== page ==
Once we receive a query for an application to be a respite carer, a social worker and recruitment officer from Sanctuary Care will conduct a home-assessment visit to share with the applicants about Sanctuary Care client group and expectations of respite carers. Sanctuary Care will also conduct a screening, two assessment interviews and a panel discussion. Applicants who pass all assessments will be approved to be respite carer under Sanctuary Care. The entire application process usually takes about eight to 10 weeks.
Sanctuary Care has a diverse community of respite carers hailing from all walks of life. They share a love for children and want to provide children with a safe and happy environment in order to support a family through crisis. While it is no easy task, there is a sense of fulfilment and joy from seeing a child blossom under your care!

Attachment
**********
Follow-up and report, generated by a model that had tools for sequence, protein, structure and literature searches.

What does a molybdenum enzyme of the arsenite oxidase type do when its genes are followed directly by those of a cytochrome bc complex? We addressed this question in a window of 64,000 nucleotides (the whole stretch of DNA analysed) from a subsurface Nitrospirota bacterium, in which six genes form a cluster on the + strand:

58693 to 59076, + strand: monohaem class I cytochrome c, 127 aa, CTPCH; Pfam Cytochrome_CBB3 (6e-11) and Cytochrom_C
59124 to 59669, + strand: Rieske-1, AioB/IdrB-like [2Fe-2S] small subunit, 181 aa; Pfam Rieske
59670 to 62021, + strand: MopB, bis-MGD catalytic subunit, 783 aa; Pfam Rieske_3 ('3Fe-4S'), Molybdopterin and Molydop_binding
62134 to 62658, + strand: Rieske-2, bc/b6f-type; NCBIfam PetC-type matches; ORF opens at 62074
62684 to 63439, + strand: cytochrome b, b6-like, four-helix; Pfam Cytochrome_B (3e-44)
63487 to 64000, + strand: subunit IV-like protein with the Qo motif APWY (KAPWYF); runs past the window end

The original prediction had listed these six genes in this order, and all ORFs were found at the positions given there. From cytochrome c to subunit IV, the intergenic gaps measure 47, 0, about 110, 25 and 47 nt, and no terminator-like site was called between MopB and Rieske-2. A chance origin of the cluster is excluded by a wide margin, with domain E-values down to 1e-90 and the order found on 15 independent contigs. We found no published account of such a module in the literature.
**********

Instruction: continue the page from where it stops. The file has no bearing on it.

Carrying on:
Is there anything besides fostering or respite care that people can do to help Boys’ Town and Sanctuary Care?
Most of the children in our care get to see their parents once a week and often, for various reasons, when their foster families can’t take them to meet their parents, we need volunteers to help ferry the children.
Apart from Sanctuary Care, Boys’ Town’s services also include residential, youth outreach, adventure therapy, clinical intervention and family reunification. Boys’ Town serves both boys and girls, from infants to young adults. We help children and youth who come from disadvantaged and disengaged families who may have faced hardship resulting from difficult home situations, financial struggles, abandonment, and abuse. Each year, Boys’ Town works with close to 1500 children and youth within Boys’ Town and from the community. If you have time to spare or wish to donate to our cause, we would be delighted to hear from you!
Written by Sheralyn Loh.
Thank you Sheralyn for featuring this story on HoneyKids.
The full article can be found here.